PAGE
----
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Another way to ask the titular question is: which constructed language could you actually speak and be understood by a speaker of a natural language (who doesn't also know the constructed language), i.e., could you "get by" in a country with said constructed language?

It is probably one of the a posteriori languages, such as Occidental/Interlingue, Interlingua, Interslavic, Folksprak, Lingua Franca Nova, or some other naturalistic language. Or perhaps even Esperanto.

I consider this to be nearly the inverse of this previously asked question.

EDIT: The answer could inform a language learner which constructed language to study and provide additional motivation knowing that the language could be useful for oral communication with natural language speakers.

  • I guess, it depends on the country, where you want to "get by", and how close the constructed language is to the natural language of the country. – Geshode Jun 14 '18 at 5:36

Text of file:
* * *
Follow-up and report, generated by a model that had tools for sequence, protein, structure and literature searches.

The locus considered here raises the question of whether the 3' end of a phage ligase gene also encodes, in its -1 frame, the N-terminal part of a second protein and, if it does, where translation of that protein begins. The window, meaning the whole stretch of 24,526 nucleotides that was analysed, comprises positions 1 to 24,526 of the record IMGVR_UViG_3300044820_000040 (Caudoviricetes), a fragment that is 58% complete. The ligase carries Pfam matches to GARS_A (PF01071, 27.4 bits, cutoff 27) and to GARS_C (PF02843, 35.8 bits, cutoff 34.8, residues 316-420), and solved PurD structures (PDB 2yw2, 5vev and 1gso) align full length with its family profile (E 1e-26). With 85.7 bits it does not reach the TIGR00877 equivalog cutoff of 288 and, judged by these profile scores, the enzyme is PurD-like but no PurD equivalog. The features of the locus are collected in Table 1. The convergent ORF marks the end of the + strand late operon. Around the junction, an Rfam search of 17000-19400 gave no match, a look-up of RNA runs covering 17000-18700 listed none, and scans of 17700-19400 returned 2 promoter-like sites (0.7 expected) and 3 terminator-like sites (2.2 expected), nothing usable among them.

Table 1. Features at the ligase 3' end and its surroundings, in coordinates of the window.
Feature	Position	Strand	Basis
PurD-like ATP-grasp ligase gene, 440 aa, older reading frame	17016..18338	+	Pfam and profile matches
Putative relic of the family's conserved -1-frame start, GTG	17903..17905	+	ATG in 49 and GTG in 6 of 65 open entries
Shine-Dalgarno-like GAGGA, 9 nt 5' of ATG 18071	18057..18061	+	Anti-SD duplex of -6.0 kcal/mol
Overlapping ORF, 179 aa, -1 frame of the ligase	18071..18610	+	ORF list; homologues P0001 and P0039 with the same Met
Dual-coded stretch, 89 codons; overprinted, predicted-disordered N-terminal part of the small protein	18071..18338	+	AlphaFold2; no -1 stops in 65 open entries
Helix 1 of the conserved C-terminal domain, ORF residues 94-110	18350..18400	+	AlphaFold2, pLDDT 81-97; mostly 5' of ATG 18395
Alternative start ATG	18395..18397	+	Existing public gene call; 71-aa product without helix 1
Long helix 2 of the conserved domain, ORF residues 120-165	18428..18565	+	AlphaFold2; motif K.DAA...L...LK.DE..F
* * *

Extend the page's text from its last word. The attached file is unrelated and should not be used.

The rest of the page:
• @Geshode "Get by" would mean speaking only the constructed language (assume fluency for the sake of this question) in the country and being understood enough to facilitate communication. Maybe along the lines of how some Spanish and Italians can communicate to varying degrees by speaking their native languages to each other (requires patience and concentration). – AML Jun 14 '18 at 10:15
  • I am aware of that, hence my comment. – Geshode Jun 14 '18 at 12:04
  • Thanks for link to Interslavic, it is amazing. I am a L1 Slavic speaker. – Peter M. Jun 19 '18 at 16:25

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